SALVADOR, Brazil -- A deacon spreads smoke from an incense pot that he swings around by a chain; old black women chant as if lost in some African ritual; a priest takes water from a bowl and flings it over the crowd with his fingers; people of all ages and races, caught up in the spirit of the ceremony, push forward to be baptized.
The scene, resembling something between a Zulu ritual and a Southern Baptist revival meeting, is a regular Sunday mass at Nossa Senhora do Rosario -- a typical Roman Catholic church in Salvador, capital of the north Brazilian state of Bahia.
Pope John Paul II will visit Salvador at the end of his 10-day Brazil tour, which began Saturday, and what he can expect to find will be in sharp contrast to the conservative Catholicism he espouses and that is practiced back at the Vatican.
"I'm Catholic, but I don't disbelieve in Candomble," said Marcelino Carlos, a sanitation worker, referring to the African-derived religion which is rapidly gaining followers in Brazil. "A lot of people who are Catholic also believe in Candomble."
Mysticism and spiritualism long have been a part of Brazilian culture, inherited from the African slaves who worked on the sugar plantations. It is not unusual for Candomble items to be found inside some Catholic churches, as is the case at the Igreja do Carmen, a few blocks from Nossa Senhora do Rosario.
Brazil is the world's largest Catholic country. But church membership has dropped from nine out of 10 Brazilians in the 1970s to eight out of 10 today, mainly because of an upsurge in Protestant religions. To help membership, the church has found it wise to encourage cult influences, rather than fight them, and to resurrect some of the church's own mystic roots.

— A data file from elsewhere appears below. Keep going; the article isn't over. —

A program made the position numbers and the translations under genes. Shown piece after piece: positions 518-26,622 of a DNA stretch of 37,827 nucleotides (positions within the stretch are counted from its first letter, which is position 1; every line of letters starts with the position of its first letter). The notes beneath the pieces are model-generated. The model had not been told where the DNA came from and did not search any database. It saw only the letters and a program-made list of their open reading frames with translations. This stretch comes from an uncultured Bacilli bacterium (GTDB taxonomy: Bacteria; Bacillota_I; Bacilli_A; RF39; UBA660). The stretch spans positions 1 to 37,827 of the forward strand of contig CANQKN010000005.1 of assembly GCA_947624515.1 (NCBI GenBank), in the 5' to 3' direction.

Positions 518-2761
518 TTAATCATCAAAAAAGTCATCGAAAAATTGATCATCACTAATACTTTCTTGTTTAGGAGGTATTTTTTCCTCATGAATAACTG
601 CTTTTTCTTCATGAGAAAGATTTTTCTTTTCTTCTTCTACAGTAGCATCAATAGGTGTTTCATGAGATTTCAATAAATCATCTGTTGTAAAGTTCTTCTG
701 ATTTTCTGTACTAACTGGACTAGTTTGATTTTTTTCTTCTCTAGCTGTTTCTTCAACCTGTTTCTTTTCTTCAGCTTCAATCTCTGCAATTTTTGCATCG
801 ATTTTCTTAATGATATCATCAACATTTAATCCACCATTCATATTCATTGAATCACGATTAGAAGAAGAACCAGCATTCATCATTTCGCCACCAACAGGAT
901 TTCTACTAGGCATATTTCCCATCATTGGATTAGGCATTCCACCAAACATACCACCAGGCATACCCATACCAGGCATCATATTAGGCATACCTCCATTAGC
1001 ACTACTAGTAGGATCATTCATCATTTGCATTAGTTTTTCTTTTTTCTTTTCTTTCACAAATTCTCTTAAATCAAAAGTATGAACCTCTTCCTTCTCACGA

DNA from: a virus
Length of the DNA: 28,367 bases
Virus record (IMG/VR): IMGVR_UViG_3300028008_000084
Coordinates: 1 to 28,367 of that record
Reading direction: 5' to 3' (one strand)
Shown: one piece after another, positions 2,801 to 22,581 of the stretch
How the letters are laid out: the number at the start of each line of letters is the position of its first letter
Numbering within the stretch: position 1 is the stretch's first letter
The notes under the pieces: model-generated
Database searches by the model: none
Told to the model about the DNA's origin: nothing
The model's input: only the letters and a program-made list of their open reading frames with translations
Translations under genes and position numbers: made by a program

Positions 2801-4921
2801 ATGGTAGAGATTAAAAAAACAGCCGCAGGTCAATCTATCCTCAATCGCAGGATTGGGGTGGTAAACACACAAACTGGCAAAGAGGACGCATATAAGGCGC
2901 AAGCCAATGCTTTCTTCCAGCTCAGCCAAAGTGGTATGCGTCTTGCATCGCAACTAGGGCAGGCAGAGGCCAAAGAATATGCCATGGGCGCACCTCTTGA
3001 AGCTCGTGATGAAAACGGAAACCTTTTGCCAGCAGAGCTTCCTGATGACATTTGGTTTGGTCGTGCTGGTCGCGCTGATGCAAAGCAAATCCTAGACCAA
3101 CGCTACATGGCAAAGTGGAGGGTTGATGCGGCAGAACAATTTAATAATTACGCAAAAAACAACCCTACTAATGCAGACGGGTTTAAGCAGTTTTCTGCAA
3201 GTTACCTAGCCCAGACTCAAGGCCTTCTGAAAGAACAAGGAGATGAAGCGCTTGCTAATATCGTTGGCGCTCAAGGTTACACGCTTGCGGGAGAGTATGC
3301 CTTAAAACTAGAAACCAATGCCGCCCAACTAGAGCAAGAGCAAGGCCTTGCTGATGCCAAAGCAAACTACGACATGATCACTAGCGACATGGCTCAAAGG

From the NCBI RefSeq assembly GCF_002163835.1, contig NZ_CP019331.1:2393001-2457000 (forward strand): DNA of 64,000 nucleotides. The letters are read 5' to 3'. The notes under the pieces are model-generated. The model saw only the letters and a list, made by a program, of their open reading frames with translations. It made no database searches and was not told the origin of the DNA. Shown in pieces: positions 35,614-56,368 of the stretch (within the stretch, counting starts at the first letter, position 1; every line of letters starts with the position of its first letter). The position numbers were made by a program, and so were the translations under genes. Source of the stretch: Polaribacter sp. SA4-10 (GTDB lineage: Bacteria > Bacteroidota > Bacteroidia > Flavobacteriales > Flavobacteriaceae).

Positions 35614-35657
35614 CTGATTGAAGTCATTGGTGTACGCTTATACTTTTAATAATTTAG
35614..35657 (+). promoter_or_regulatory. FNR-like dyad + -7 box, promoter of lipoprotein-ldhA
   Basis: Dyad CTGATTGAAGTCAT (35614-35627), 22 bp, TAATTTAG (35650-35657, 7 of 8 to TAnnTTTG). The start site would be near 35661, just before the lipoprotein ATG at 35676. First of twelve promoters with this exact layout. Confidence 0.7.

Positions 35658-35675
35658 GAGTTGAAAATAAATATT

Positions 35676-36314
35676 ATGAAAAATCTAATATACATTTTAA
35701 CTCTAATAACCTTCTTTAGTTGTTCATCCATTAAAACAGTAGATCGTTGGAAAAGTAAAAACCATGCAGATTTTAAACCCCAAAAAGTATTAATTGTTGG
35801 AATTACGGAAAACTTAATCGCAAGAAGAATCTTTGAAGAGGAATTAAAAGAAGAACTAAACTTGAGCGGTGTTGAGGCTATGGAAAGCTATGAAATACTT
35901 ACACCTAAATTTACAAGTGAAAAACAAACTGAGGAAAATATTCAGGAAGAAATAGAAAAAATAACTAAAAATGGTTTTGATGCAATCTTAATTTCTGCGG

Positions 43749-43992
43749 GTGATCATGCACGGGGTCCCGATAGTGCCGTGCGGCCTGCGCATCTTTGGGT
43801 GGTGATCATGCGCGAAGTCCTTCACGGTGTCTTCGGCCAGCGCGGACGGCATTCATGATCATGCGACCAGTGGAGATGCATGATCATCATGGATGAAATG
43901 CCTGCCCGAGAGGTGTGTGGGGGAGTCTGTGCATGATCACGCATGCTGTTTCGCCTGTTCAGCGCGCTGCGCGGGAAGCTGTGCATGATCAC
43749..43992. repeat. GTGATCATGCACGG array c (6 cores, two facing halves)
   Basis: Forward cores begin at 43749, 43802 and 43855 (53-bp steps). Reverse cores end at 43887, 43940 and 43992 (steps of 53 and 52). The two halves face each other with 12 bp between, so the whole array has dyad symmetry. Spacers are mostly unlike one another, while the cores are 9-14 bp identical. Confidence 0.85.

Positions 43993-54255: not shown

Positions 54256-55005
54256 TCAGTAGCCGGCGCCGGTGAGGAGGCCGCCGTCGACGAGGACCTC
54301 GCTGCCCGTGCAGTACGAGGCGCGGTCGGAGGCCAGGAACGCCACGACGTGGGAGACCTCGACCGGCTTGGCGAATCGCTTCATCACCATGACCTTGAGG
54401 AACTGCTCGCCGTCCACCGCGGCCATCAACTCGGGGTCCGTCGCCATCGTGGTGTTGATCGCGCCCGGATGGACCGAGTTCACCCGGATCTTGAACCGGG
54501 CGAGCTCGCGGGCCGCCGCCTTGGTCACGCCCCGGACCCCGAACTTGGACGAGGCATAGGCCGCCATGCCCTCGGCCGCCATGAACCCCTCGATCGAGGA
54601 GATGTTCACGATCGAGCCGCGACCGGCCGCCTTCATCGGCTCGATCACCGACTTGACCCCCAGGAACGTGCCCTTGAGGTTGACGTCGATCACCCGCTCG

The Rev. Antonio Aparecido, a professor at the Theology Institute in Sao Paulo, said that 25 million to 30 million of Brazil's 150 million people believe in Candomble, and about 90 percent of those believers are practicing Catholics.
"The people view the figure of the pope in Brazil as a savior . . . with mystic and spiritual powers," said Cardinal Paulo Evaristo Arns, archbishop of Sao Paulo, during an interview at his residence.
"I have respect for those who practice Candomble," he said. "All the slaves were obligated to be baptized [as Catholics]. They practiced their [Candomble] rituals at night until in this century the government finally suspended the prohibitions against freedom of religion."
He said a close friend of his is a Candomble priestess who is also a devout Catholic. "The church accepts this, because even in my region there wasn't a priest around for more than 100 years," he said.
The signs of Candomble are everywhere.
Near a waterfall in the countryside, one might find a lighted candle surrounded by necklaces, perfume, champagne and meat -- offerings to Oxum, the god of fresh water and waterfalls.
While Candomble is most popular among lower-class blacks, it is by no means limited by race or social class, nor is it limited to the predominantly black state of Bahia.
On a dirt road in a slum neighborhood called Jardim Noemia on the far east side of Sao Paulo, Jose dos Reis Ferrera, a Candomble priest, has followers who come from as far away as Rio de Janeiro.
Pai Ze, as he is known, said as many as 1,000 people -- construction workers, doctors and businessmen -- show up at his rituals.
"Candomble doesn't have anything to do with Catholicism," he said. "But people are looking for other roads."